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Chiba, Y, Komori, H, Takei, S, Ishii, S, Kawamura, N, Adachi, K, Nanba, E, Hosokawa, M, Enokido, Y, Kouchi, Z, Yoshida, F & Shimada, A 2014, 'Niemann-Pick disease type C1 predominantly involving the frontotemporal region, with cortical and brainstem Lewy bodies: An autopsy case', Neuropathology, vol. 34, no. 1, pp. 49-57. https://doi.org/10.1111/neup.12047

Niemann-Pick disease type C1 predominantly involving the frontotemporal region, with cortical and brainstem Lewy bodies : An autopsy case. / Chiba, Yoichi; Komori, Hiraku; Takei, Shiro; Ishii, Sanae; Kawamura, Noriko; Adachi, Kaori; Nanba, Eiji; Hosokawa, Masanori; Enokido, Yasushi; Kouchi, Zen; Yoshida, Futoshi; Shimada, Atsuyoshi.

In: Neuropathology, Vol. 34, No. 1, 01.02.2014, p. 49-57.

Research output: Contribution to journalArticle

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T1 - Niemann-Pick disease type C1 predominantly involving the frontotemporal region, with cortical and brainstem Lewy bodies

T2 - An autopsy case

AU - Chiba, Yoichi

AU - Komori, Hiraku

AU - Takei, Shiro

AU - Ishii, Sanae

AU - Kawamura, Noriko

AU - Adachi, Kaori

AU - Nanba, Eiji

AU - Hosokawa, Masanori

AU - Enokido, Yasushi

AU - Kouchi, Zen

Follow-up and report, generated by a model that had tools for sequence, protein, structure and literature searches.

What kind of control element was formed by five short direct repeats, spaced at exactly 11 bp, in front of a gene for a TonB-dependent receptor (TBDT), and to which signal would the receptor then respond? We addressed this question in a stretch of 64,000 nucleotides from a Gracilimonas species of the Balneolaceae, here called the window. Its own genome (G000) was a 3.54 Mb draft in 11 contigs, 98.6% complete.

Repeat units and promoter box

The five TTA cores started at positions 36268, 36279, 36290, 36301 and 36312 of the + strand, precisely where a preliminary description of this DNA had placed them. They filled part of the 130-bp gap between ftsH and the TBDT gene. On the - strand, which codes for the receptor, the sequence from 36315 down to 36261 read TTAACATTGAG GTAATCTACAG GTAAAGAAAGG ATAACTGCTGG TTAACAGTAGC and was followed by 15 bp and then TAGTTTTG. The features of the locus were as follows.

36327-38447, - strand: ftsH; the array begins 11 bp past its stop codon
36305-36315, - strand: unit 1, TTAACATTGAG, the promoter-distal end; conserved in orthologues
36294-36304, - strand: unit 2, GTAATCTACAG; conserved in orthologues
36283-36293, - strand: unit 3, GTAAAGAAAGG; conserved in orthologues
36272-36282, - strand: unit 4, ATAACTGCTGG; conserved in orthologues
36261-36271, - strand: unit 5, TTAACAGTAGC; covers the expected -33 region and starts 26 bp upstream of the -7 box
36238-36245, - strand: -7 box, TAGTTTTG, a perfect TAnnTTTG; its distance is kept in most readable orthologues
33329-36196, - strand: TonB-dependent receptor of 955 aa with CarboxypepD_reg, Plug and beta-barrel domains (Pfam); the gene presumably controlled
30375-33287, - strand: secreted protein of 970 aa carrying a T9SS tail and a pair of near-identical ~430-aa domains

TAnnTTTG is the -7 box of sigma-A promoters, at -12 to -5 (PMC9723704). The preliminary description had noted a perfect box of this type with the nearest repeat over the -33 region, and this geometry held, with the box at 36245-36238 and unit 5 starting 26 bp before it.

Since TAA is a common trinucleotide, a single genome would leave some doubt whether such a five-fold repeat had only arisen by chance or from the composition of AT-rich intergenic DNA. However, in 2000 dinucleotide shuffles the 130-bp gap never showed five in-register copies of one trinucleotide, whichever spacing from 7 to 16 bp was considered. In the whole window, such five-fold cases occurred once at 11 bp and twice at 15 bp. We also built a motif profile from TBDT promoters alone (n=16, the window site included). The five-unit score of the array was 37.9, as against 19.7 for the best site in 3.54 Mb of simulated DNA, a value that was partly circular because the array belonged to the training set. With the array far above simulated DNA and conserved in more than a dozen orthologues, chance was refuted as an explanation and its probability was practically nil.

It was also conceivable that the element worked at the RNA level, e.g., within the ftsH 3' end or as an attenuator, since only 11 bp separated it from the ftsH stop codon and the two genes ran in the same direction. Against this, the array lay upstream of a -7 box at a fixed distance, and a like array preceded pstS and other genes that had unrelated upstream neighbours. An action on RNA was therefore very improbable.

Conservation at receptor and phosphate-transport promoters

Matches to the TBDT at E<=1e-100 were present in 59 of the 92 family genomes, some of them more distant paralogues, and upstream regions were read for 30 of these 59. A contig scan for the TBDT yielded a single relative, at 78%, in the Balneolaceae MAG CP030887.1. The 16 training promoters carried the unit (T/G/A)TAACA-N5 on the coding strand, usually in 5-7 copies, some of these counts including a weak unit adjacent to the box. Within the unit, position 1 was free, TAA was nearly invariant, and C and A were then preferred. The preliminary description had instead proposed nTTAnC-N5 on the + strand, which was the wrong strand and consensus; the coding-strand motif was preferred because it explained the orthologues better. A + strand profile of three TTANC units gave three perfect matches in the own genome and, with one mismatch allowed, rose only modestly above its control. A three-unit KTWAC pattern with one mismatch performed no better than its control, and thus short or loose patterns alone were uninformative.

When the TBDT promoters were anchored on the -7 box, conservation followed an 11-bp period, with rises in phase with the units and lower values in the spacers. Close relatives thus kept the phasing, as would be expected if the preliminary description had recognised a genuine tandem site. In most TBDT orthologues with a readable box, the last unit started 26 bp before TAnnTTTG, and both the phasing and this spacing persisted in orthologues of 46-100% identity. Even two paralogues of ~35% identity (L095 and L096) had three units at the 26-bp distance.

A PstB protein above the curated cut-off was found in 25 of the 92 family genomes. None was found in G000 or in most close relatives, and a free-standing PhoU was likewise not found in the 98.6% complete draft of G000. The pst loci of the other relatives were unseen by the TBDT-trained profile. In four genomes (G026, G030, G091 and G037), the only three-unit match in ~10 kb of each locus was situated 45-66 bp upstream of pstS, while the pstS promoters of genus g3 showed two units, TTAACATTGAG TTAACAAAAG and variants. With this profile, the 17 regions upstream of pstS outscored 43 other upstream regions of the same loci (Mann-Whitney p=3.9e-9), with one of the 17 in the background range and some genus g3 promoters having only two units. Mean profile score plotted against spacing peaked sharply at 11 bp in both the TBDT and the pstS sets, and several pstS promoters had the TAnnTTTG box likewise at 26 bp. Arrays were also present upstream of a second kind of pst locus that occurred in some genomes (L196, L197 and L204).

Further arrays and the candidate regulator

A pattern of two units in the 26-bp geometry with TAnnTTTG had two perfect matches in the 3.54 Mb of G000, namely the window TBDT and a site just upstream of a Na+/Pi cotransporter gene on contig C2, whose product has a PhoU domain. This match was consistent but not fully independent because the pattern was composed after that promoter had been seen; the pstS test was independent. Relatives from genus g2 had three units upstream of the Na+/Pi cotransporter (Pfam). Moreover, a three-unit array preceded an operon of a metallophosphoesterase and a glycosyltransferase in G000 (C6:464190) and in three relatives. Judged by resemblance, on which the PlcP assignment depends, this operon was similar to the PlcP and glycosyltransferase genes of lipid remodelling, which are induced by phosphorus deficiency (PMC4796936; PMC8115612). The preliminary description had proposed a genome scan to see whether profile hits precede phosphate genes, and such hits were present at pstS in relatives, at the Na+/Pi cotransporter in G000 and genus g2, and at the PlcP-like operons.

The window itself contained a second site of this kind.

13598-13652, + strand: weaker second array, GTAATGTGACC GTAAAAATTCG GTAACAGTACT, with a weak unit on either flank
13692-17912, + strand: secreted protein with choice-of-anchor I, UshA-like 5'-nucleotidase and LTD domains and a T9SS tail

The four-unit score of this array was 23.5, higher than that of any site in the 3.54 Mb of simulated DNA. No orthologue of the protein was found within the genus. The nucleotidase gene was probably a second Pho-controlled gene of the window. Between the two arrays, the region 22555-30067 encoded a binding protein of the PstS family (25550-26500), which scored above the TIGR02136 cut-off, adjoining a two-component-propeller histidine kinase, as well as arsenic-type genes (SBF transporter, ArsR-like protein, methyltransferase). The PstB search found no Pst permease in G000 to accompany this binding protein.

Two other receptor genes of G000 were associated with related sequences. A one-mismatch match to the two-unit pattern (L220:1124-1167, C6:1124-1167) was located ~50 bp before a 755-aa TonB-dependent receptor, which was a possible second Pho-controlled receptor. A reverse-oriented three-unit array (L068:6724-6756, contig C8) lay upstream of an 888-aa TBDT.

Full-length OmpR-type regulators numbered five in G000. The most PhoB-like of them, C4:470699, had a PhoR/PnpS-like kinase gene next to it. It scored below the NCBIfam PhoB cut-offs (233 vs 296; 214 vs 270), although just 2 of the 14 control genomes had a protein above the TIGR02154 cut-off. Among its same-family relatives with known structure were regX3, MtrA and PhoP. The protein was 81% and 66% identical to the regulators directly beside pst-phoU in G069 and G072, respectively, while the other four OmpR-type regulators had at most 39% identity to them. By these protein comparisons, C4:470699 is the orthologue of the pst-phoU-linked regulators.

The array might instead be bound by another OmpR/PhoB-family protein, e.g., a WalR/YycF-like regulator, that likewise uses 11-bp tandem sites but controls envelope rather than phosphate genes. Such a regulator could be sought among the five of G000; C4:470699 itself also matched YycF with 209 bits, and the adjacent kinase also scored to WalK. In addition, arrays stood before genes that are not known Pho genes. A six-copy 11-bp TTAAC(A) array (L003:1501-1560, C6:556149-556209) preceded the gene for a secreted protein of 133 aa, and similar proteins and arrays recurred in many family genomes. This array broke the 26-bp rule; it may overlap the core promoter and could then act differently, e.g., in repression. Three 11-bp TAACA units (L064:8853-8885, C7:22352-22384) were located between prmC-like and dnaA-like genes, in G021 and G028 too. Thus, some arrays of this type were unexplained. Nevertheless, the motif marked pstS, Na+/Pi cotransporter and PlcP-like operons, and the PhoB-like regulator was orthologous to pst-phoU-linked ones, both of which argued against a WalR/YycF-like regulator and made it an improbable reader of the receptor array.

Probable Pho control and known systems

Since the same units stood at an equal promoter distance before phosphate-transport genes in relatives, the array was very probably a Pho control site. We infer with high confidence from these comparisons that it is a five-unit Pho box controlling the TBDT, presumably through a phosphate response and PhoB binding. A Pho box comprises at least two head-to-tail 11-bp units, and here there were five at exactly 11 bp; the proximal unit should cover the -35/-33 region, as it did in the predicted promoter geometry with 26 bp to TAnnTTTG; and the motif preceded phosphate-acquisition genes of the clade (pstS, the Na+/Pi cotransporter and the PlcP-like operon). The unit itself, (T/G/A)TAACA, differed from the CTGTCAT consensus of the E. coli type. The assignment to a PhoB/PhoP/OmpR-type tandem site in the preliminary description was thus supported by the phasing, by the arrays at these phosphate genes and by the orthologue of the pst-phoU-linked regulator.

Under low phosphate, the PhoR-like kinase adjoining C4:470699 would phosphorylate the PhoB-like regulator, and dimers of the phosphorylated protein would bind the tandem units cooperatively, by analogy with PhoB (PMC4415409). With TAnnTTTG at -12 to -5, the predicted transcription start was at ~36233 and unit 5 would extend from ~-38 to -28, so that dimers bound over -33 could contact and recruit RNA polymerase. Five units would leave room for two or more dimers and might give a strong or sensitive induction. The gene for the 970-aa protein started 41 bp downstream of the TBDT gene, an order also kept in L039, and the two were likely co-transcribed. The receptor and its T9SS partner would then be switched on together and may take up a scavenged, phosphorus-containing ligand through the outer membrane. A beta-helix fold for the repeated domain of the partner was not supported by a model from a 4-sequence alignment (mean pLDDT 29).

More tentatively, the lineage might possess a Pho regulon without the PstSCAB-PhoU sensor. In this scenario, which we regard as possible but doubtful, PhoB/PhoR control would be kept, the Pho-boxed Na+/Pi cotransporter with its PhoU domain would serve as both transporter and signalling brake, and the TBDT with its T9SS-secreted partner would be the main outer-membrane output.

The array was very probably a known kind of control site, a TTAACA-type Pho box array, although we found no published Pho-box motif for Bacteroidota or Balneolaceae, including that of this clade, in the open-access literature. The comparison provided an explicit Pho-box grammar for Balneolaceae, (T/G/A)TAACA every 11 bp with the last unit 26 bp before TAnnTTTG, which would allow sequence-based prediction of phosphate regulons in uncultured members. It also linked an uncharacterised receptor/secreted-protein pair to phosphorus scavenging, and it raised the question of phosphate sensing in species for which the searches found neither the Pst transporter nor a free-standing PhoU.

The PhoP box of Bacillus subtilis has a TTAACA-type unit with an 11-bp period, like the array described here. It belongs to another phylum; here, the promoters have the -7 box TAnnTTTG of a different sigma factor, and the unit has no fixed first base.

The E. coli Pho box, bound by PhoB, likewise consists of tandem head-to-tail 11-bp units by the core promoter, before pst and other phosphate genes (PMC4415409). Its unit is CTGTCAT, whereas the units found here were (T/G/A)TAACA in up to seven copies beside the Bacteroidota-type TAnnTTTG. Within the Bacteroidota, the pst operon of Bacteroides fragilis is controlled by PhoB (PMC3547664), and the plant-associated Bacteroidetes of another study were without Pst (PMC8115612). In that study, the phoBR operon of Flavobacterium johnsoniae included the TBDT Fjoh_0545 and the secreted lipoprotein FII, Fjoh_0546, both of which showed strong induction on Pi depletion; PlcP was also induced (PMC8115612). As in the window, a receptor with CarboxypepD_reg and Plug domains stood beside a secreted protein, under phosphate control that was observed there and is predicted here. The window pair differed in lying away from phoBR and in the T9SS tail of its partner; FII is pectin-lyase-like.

AU - Yoshida, Futoshi

AU - Shimada, Atsuyoshi

PY - 2014/2/1

Y1 - 2014/2/1

N2 - Niemann-Pick disease type C (NPC) is an autosomal recessive neurovisceral lipid storage disorder. Two disease-causing genes (NPC1 and NPC2) have been identified. NPC is characterized by neuronal and glial lipid storage and NFTs. Here, we report a man with juvenile-onset progressive neurological deficits, including pyramidal signs, ataxia, bulbar palsy, vertical supranuclear ophthalmoplegia, and psychiatric symptoms; death occurred at age 37 before definitive clinical diagnosis. Post mortem gross examination revealed a unique distribution of brain atrophy, predominantly in the frontal and temporal lobes. Microscopically, lipid storage in neurons and widely distributed NFTs were observed. Lipid storage cells appeared in systemic organs and filipin staining indicated intracellular cholesterol accumulation in hepatic macrophages. Electron microscopy revealed accumulation of lipids and characteristic oligolamellar inclusions. These findings suggested an NPC diagnosis. Neuronal loss and gliosis were frequently accompanied by NFTs and occurred in the frontal and temporal cortices, hippocampus, amygdala, basal forebrain, basal ganglia, thalamus, substantia nigra and brain stem nuclei. Lewy bodies (LBs) were observed in most, but not all, regions where NFTs were evident. In contrast, neuronal lipid storage occurred in more widespread areas, including the parietal and occipital cortices where neurodegeneration with either NFTs or LBs was minimal. Molecular genetic analysis demonstrated that the patient had compound heterozygous mutations in the cysteine-rich loop (A1017T and Y1088C) of the NPC1 gene. To our knowledge there has been no previous report of the A1017T mutation. The pathological features of this patient support the notion that NPC has an aspect of α-synucleinopathy, and long-term survivors of NPC may develop a frontotemporal-predominant distribution of brain atrophy.